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Review by: Emil Pagliarulo
Ahhh…Europe. Like the United States is so many ways, yet so very, very different. Football, anyone? But if there is one common bond, it is the passion for gaming that reaches across the vast Atlantic and joins our two distinct worlds. Good games have been pouring out of European development companies, and that number just seems to be increasing. Such is the case with WizardWorks’s latest release, Emergency: Fighters for Life, created by German development firm Topware. A game with a distinct European feel, it nonetheless translates well to an American gaming audience, and makes for a pretty fun gaming experience.
Emergency: Fighters for Life puts the player in charge of every emergency response unit of a large geographic area. No matter what the situation, you must respond, and the fate of countless lives is ultimately in your hands. That’s not a very comforting thought, I know. As the “boss,” it’s your job to not only complete each mission, but do so as quickly and cost effectively as possible. Working within a pretty limited budget, you’ll need to choose only those vehicles and personnel that are absolutely essential to the task at hand. For example, sending a fire truck to a crime scene will only cost you extra money and crowd the scene. At the end of every mission, you’ll be given an efficiency rating, from 0 to 100 percent, that tells you how well you managed your forces and money. Your goal, of course, is to complete each mission with a perfect efficiency rating…provided, of course, you can complete the mission at all.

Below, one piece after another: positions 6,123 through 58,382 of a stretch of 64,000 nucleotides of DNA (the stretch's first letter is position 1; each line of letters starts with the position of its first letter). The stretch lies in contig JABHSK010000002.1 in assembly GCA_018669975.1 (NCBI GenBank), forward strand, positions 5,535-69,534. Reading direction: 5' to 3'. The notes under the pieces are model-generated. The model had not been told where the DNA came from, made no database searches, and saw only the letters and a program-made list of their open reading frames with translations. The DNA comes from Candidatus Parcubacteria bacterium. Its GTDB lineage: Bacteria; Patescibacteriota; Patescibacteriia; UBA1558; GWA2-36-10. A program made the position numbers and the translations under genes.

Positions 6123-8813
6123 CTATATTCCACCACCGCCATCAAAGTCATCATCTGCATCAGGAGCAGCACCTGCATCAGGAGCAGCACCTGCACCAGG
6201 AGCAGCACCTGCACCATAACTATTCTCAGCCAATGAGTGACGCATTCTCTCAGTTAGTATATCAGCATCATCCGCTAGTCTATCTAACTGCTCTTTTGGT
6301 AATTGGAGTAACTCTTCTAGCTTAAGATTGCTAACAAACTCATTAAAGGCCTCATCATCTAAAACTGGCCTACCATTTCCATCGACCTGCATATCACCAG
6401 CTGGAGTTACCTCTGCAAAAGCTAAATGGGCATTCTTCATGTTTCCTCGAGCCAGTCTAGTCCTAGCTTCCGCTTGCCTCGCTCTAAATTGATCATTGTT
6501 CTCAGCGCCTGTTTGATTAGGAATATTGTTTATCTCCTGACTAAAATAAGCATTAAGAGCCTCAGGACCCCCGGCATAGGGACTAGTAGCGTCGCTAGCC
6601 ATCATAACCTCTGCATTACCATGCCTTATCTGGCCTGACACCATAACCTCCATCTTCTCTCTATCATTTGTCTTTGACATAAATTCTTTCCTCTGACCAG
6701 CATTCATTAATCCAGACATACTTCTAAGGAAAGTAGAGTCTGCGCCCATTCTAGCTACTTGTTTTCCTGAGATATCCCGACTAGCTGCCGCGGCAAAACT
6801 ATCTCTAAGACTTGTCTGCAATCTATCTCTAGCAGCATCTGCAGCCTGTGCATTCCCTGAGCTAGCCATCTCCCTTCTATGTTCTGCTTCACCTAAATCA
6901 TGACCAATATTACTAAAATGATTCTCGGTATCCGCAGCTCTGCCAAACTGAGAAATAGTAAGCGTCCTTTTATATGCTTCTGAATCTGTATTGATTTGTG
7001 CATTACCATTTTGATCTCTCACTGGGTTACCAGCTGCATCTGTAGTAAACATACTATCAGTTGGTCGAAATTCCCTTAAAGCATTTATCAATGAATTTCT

There really is a huge assortment of vehicles available throughout the game, and the player needs to learn all he or she can about them to know which ones will be most useful in any given situation. There are several fire trucks, ranging from the small supply truck to the giant ladder truck; flatbed transporters, for hauling away wrecked cars; a firefighting plane, for dumping 10,000 gallons of water over raging outdoor infernos; a rescue helicopter, which is essentially an expensive, fast, exceptionally mobile ambulance; police cars and police trucks for dealing with large crowds and criminals; and even a flatbed bulldozer that can be used to level any obstacles in the way.
Of course, all the vehicles in the world are useless without properly trained personnel. You’ll also have direct control over doctors and orderlies, who ride in the ambulances and are the last line between life and death for accident victims; policemen, who ride in the police vehicles, and are used to control crowds and make arrests; and firefighters, used to rescue people from burning buildings, put out fires, battle chemical spills, and do everything else you’d expect them to do. You don’t actually need personnel in a vehicle to send it to the scene, and some, like the flatbed and pumper fire truck, are just as useful without them.
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